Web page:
Herman Parrish – Amelia Bedelia Chapter Book Series

The Amelia Bedelia chapter book series is a spin off written by Herman Parrish based on the character created by his aunt Peggy Parrish in the 1960s. While the original features Amelia Bedelia as an adult, Herman Parrish’s series places an approximately 10-year-old Amelia Bedelia in a current-day setting and explores school and small-town life in general through her eyes. Amelia Bedelia might not be one of the “cool” kids, but she always somehow manages to pull off the most spectacular wins when it counts. As the child who takes everything literally, hilarity ensues whenever she comes up against an idiom she hasn’t met before (and with a father who peppers his conversation with them, there is plenty of confusion to add to the laughs).

Amelia Bedelia Means Business

When she decides she needs to make some money to afford a new bike, Amelia Bedelia starts with the traditional route of getting a job in a diner. When a customer in a hurry tells her to step on it, Amelia Bedelia’s literal attention to detail results in her losing her job. Amelia Bedelia commiserates with another out-of-work woman she meets in the park and they encourage each other to start their own businesses – Amelia Bedelia selling lemonade and then lemon tarts, Diana becoming a dog walker. Amelia Bedelia goes through many more escapades and misunderstandings before her success sees her hiring an unexpected employee.

Amelia Bedelia Means Business is rich with a variety of female characters who all have positive influence and input in Amelia Bedelia’s venture. From Doris the waitress to Diana the dog walker, and never-give-up Amelia Bedelia, herself, there is so much to love here. My only frustration with these books is that Amelia Bedelia’s parents have no names, which makes them flat caricatures (they are uncannily reminiscent of Mummy Pig and Daddy Pig from the kids’ TV show Peppa Pig).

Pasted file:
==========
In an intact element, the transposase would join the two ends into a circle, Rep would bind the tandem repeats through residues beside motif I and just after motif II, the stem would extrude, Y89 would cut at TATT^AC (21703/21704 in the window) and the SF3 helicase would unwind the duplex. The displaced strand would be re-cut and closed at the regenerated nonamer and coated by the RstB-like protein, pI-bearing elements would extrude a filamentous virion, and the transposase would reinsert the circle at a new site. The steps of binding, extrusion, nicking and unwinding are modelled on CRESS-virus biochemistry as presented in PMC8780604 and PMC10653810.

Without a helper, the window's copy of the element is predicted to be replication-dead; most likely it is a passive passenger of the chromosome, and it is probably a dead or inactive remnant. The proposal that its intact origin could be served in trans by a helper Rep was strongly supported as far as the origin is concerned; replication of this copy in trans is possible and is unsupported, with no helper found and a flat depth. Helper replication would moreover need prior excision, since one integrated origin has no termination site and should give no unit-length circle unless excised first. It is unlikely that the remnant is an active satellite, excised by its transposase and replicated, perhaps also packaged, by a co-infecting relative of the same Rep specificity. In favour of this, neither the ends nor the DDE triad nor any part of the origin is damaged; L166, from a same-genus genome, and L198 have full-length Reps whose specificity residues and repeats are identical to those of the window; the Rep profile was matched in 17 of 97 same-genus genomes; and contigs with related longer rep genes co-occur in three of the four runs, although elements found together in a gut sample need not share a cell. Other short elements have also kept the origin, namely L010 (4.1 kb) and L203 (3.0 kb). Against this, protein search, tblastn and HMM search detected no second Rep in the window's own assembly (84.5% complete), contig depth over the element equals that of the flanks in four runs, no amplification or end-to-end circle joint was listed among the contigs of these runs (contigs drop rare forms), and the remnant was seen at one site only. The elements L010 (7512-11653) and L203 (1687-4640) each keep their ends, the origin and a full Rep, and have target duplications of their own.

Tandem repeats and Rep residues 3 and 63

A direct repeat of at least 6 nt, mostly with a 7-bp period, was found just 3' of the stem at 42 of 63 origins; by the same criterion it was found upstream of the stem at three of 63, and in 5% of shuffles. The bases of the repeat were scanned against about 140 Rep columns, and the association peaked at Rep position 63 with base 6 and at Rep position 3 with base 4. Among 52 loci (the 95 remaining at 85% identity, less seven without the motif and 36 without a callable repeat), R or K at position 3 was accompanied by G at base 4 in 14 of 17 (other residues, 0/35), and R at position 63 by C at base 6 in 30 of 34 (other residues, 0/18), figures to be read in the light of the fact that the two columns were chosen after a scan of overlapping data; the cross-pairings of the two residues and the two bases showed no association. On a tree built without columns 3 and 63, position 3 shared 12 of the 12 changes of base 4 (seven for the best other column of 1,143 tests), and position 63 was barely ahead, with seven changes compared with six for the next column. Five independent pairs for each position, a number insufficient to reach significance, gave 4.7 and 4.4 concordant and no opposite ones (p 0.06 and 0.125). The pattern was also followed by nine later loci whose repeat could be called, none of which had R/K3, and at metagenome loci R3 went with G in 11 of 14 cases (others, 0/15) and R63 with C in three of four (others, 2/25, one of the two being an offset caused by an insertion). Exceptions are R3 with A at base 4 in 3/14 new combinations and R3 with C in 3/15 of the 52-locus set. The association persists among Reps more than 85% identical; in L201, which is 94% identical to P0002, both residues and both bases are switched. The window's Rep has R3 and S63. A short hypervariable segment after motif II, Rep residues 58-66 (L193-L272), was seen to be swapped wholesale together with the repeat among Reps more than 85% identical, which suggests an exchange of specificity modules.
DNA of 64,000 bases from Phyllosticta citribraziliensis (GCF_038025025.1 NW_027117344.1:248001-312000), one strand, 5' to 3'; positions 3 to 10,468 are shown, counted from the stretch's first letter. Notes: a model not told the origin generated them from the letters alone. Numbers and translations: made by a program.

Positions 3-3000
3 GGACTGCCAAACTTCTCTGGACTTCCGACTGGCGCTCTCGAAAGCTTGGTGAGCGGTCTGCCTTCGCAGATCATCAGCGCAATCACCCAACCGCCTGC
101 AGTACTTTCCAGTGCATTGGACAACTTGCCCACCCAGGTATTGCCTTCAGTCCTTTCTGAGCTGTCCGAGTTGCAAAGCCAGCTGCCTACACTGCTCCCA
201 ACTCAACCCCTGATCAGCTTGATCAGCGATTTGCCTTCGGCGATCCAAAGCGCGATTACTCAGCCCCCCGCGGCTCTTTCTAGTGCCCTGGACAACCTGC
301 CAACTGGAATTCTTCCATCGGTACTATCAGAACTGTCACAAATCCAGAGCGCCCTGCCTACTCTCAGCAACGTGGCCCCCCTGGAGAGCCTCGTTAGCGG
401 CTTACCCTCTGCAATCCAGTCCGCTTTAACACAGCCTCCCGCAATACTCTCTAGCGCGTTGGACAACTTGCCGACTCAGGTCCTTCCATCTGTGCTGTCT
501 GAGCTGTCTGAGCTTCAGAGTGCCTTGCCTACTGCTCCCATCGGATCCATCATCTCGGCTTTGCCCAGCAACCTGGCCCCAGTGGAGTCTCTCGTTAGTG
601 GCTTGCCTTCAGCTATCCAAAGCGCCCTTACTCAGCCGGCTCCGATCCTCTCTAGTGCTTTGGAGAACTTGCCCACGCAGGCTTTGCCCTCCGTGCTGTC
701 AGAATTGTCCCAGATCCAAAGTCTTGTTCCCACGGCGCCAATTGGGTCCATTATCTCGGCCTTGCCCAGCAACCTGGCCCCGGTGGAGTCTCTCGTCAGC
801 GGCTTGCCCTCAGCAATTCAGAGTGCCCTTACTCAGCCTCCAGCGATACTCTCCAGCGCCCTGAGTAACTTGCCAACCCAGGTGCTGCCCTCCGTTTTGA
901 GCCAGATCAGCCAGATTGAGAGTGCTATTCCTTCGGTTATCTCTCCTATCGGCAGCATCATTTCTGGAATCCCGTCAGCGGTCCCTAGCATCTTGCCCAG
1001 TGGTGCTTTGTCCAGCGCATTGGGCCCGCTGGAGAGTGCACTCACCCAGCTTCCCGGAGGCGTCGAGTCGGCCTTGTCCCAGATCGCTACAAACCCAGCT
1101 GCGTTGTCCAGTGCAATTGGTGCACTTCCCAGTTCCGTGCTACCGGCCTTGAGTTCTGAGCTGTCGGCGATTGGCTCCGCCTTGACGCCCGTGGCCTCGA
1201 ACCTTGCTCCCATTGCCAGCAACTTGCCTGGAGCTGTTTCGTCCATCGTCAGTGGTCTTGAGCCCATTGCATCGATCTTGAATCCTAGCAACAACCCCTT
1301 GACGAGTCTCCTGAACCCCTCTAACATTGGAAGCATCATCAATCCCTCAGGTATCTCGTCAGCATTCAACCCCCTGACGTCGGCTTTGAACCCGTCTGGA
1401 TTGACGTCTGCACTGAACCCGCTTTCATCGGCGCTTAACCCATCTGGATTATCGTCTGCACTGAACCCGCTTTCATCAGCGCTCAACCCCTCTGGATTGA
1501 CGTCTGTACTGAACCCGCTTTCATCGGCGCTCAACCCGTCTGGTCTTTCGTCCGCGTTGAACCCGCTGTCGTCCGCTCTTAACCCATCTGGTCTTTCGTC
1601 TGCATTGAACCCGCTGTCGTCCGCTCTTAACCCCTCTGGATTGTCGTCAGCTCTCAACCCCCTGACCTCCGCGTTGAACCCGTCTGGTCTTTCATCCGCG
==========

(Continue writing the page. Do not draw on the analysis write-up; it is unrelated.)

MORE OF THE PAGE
Amelia Bedelia Unleashed

Amelia Bedelia wants a pet – perhaps a dog? But what type of dog? Her friend Diana the dog walker is the perfect person to help her decide and Amelia Bedelia takes a whole bunch of dogs for a test walk… Make that the most amazing accidental skateboarding loop-di-loop ever pulled off (well, pulled by a large poodle, actually) that impresses even the toughest skateboarding critic. Amelia Bedelia’s feat elevates her friend Charlie, the owner of the poodle, to ‘cool’ status for the first time in his life. But there’s another side to Pierre the poodle the two friends would like to show off, and they’ll get their chance at the annual dog show.

Amelia Bedelia’s friendship with Charlie is nicely developed in this book and doesn’t fall back on the frustrating cliché of “tomboy” girl paired with gentle boy. Amelia Bedelia is just Amelia Bedelia, and she’s friends with Charlie because he’s a decent kid and they have a common interest. Just like real life kids. Also, in upcoming books, Amelia Bedelia does develop strong friendships with other girls.

Amelia Bedelia’s Road Trip

Amelia Bedelia and her parents take a road trip, and Amelia Bedelia makes friends with Audrey, a teenager who loves to fish (and owns a rowing boat). Audrey eagerly teaches Amelia Bedelia everything she can, and together they enter a fishing competition using their combined skills in surprising ways.

Amelia Bedelia Goes Wild

When Amelia Bedelia has to miss out on her class’s excursion to the zoo, she decides to open her own zoo in her garden. Amelia Bedelia’s classmates shine in this book as they try to cheer up their friend.

Amelia Bedelia Shapes Up

Amelia Bedelia’s class are learning about the Olympic Games of Ancient Greece, and Amelia Bedelia is disappointed that she’s not the best at any of a variety of sports. Then her PE teacher makes a surprising announcement.

Unfortunately Shapes Up serves up the cliché of Amelia Bedelia being picked last because she’s clumsy and not good at sports, which is disappointing following Goes Wild where her quirkiness is shown to be endearing to her classmates.

Amelia Bedelia Cleans Up